The Canadian Radio-television and Telecommunications Commission ("CRTC") has given the green light to service providers that wish to attach their own optical equipment to dark fiber leased from third parties and provide services in Canada. The decision preserves the business operations of many foreign-owned entities providing service in Canada.
Canadian law requires that a telecommunications carrier seeking to use its own network facilities to provide services within that country must be majority owned and controlled by Canadians to operate network facilities.1 This requirement was preserved when Canada entered the World Trade Organization and the North American Free Trade Agreement (NAFTA). It has prevented full-scale, facilities-based entry by US carriers into Canada. Those carriers seeking entry had to seek out a joint venture partner or operate as a reseller.
In November 2009, AboveNet Communications Inc. (AboveNet), a US telecommunications carrier, registered its AboveNet Canada subsidiary as a reseller. In its application, AboveNet stated that it would use its own optical equipment to light the dark fiber that it would procure under an existing facilities lease agreement with TELUS Communications. In its objection to the registration, TELUS argued that by lighting the dark fiber AboveNet was transformed into a "telecommunications common carrier" which would require it be Canadian owned and controlled.
The CRTC sought comment in March 2010 on whether a service provider operates a "transmission facility" and "becomes a telecommunication carrier" when it lights dark fiber from a third party that it then uses to sell services for compensation to another party.
In its decision of December 9, 2010, the CRTC focused its analysis in two areas.2 The first was whether optical equipment used by a service provider to light leased dark fiber fell within the category of exempt transmission apparatus (ETA) or was it a "transmission facility". The second analyzed whether a service provider operates a transmission facility when it leases dark fiber and attaches optical equipment to offer telecommunication services to third parties.
Working within the statutory definitions, the CRTC found that optical equipment did not by itself "transmit intelligence between network termination points"3 and thus could not be an "electromagnetic system, or any other technical system, for the transmission of intelligence between network termination points."4 The CRTC noted that the ability to transmit intelligence between termination points is required under the Act.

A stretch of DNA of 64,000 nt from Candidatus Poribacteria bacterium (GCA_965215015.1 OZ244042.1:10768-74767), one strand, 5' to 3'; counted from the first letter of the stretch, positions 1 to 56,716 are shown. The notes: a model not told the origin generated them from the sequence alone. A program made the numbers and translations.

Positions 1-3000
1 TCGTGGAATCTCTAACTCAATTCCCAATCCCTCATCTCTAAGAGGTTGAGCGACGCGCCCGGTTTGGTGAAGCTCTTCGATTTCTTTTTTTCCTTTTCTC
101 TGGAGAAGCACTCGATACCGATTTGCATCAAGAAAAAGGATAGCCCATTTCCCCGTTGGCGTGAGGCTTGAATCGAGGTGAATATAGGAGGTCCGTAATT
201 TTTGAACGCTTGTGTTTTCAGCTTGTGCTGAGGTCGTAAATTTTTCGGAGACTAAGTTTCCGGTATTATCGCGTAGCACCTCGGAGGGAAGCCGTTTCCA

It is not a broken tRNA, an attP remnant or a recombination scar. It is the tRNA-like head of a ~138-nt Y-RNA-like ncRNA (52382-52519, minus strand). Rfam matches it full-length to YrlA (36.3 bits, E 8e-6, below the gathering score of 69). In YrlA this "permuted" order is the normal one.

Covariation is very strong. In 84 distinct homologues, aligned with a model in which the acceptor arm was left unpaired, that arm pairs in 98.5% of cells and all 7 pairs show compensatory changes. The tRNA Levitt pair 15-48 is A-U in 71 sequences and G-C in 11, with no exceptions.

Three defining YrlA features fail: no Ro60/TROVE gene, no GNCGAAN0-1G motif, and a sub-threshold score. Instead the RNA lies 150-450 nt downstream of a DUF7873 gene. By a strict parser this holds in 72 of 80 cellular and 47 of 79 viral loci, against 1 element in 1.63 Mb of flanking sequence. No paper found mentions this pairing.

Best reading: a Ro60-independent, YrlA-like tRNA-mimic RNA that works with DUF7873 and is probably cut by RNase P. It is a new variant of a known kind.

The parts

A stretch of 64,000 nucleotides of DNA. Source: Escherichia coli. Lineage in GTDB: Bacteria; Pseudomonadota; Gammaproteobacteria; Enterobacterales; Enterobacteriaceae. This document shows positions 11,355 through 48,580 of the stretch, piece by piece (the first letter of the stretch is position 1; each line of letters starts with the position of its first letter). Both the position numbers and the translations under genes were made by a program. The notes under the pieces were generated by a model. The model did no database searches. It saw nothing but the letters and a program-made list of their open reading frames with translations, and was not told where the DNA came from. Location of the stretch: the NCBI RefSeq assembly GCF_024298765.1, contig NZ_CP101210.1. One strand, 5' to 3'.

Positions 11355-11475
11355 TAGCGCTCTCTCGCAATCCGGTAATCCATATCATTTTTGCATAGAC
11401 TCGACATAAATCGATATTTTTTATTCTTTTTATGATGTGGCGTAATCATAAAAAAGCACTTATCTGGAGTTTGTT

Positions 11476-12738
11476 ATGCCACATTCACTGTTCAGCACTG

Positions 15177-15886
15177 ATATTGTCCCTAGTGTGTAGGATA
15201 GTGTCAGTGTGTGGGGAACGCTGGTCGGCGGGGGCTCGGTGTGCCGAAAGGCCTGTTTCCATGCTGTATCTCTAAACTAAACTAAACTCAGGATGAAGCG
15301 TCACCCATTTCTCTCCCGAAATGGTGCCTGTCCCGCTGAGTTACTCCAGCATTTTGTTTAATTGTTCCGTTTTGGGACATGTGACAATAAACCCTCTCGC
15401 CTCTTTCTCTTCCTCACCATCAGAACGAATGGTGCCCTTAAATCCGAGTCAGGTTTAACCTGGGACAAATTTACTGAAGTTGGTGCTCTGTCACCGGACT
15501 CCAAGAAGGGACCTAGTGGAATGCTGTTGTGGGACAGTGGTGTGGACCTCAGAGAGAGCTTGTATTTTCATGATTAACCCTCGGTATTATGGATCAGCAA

The CRTC then drew a distinction between the operation of optical equipment from a transmission facility. "In the Commission's view, a service provider that attached ETA equipment to leased dark fiber operates the ETA equipment, not a transmission facility."5 The Commission noted that I many instances, the provider of the dark fiber remains responsible for maintaining, repairing, providing access and even replacing the fiber.6
The CRTC's decision eliminates confusion about whether lighting dark fiber required the entity doing so to be majority-owned and controlled by Canadians. It should provide certainty for those foreign service providers seeking to offer services in Canada or any other provider considering using that model today. The CRTC noted in its decision that many entities have been providing services under the challenged model for years. An adverse ruling would have caused significant disruption in the Canadian market as service providers were forced to bring their systems into compliance.
The opportunities for foreign carriers to enter the Canadian market may increase since Parliament is considering proposals that would ease the foreign ownership restrictions or eliminate them. While Kelley Drye & Warren does not have an office in Canada or practice there, please contact a member of the Kelley Drye Communications practice group if you would wish to discuss further.
See Telecommunications Act of 1993
2 Classification of service providers that light leased dark fibre for subsequent sale
Decision CRTC 2010-930, File Number: 8665-C12-201004853, Canadian Radio-television and Telecommunications Commission ("Decision"), Dec. 9, 2010.
Decision at 25
Id at. 35